Now if mesenchymal stem cells have the ability to induce production of interleukin-10 in macrophages, what if someone discovered a chemical that could induce production of this antiinflammatory cytokine (which theoretically would be beneficial for multiple sclerosis) simply by administration of the chemical? While this would not induce the regenerative or growth factor effects of mesenchymal stem cells, it may be useful for inhibiting the destruction cause by activated macrophages.
A recent paper (Correa et al. Anandamide enhances IL-10 production in activated microglia by targeting CB(2) receptors: Roles of ERK1/2, JNK, and NF-kappaB. Glia 2009 Jun 29) demonstrated that the endocannabinoid anandamide may actually have this property.
Anandamide a neurotransmitter of the cannabinoid family that occurs naturally in the human central nervous system. It activates the CB1 receptor in the brain and the CB2 receptor in the periphery. It is known that activation of cannabinoid receptors is associated with decreased symptoms in animal models of multiple sclerosis (Cabranes et al. Decreased endocannabinoid levels in the brain and beneficial effects of agents activating cannabinoid and/or vanilloid receptors in a rat model of multiple sclerosis. Neurobiol Dis 2005 Nov;20(2):207-17). It is also known that deletion of the enzyme Fatty Acid Amide Hydrolase (FAAH), whose role is to metabolize anandamide, causes regression of symptoms of multiple sclerosis in animals, presumably by increasing the amount of endogenous anandamide (Webb et al. Genetic deletion of Fatty Acid Amide Hydrolase results in improved long-term outcome in chronic autoimmune encephalitis. Neurosci Lett. 2008 Jul 4;439(1):106-10). Therefore in the paper that we are discussing, the investigators wanted to see if anandamide may alter production of cytokines and behavious of microglial cells.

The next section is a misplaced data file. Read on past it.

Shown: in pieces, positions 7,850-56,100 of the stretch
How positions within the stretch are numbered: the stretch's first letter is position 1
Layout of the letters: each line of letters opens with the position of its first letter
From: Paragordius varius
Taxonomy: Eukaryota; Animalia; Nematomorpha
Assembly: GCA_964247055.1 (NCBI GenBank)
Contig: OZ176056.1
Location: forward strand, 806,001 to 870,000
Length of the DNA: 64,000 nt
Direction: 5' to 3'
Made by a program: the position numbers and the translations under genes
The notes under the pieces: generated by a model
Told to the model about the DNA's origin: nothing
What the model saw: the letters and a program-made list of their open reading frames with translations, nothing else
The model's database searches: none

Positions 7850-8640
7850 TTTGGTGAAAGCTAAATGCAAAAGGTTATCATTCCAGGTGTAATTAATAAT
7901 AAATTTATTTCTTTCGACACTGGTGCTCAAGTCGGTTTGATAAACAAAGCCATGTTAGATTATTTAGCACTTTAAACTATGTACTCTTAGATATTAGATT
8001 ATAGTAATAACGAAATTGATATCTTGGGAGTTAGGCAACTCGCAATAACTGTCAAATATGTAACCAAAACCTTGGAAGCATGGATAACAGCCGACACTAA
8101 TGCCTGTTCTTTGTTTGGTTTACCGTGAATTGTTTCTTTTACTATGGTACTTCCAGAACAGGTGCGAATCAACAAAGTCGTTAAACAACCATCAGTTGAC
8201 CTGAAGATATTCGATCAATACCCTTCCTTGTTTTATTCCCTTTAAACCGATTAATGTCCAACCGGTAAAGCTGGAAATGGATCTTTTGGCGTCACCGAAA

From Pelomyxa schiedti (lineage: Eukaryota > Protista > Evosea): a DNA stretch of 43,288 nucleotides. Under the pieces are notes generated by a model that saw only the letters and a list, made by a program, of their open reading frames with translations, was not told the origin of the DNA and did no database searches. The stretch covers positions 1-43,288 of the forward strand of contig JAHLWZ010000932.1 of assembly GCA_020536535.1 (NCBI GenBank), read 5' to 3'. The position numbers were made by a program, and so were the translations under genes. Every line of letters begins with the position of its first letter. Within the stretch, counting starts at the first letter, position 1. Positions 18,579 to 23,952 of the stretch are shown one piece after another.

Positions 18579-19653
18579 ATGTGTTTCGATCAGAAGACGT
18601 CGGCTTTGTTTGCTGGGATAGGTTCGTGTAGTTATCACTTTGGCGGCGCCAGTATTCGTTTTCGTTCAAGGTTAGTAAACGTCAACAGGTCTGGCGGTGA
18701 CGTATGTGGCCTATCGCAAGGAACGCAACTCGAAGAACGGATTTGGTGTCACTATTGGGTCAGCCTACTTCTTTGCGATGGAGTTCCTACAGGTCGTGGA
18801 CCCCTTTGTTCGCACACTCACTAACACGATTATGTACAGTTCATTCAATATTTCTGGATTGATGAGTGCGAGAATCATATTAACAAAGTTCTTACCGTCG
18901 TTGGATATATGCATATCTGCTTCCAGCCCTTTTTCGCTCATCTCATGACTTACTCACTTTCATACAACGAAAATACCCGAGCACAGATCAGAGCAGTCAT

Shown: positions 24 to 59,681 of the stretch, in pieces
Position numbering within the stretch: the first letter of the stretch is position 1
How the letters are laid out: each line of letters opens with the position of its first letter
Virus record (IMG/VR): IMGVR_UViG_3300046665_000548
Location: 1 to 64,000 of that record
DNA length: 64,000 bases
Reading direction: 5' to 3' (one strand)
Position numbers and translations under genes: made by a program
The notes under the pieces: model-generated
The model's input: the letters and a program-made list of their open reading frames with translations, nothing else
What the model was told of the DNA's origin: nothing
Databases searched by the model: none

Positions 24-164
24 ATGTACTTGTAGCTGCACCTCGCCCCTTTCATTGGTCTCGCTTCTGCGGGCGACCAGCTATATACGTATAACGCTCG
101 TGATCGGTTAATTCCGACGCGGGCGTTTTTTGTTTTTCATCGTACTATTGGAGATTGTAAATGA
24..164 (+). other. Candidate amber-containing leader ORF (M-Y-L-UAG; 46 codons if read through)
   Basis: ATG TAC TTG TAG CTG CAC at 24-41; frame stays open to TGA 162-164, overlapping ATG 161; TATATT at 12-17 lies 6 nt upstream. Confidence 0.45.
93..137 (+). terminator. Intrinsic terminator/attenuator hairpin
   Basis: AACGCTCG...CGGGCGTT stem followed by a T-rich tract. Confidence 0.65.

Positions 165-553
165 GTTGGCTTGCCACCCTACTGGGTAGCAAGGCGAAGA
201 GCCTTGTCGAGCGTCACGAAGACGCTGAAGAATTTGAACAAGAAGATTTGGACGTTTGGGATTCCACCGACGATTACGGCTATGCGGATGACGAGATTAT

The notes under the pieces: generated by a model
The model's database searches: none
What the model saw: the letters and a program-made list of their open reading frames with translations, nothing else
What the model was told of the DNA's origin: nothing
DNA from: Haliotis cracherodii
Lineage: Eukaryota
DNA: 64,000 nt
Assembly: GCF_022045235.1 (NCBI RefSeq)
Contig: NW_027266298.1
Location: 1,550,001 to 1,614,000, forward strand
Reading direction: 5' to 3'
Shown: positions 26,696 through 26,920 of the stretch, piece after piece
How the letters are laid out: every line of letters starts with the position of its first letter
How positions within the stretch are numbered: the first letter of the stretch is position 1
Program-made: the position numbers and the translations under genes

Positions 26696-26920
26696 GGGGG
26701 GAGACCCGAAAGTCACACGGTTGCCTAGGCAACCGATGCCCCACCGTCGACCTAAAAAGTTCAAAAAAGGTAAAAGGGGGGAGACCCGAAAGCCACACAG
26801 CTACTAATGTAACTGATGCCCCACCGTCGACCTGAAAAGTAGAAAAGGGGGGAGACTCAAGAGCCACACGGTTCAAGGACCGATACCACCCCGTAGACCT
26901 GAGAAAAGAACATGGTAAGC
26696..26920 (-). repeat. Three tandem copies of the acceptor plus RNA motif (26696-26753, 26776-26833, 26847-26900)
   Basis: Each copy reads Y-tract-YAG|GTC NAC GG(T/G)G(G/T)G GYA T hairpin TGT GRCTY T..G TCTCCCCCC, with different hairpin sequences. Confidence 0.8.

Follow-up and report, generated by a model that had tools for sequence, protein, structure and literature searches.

The authors demonstrated that administration of anandamide results in upregulation of interleukin-10 production from microglial cells that have been activated. The induction of interleukin-10 seemed to be associated with suppression of the transcription factor NF-kB, which is involved in numerous inflammatory conditions. Furthermore, the investigators demonstrated that microglial cells treated with anandamide had suppressed ability to produce the inflammatory cytokines IL-12 and IL-23, which was correlated to inhibition of Th1 and Th17 generation.
These data suggest a very important point, which is that numerous neurotransmitters may have effects on immunological cells. Theoretically, this should not be that surprising. The immune system and the nervous system are the only systems of the body that share the features of: a) Distinguishing between what is self and what is non-self; b) Ability for specificity; c) Memory; and d) Innate reactivity. At a practical level, the major immunological organs such as they thymus and spleen are highly innervated. Additionally, most immunological cells, including dendritic, T cells, B cells, and NK cells all have expression of receptors for neurotransmitters.
Therefore we at Stemnow.com believe that this area of “neuroimmunology” will be an exciting one to watch in the upcoming years.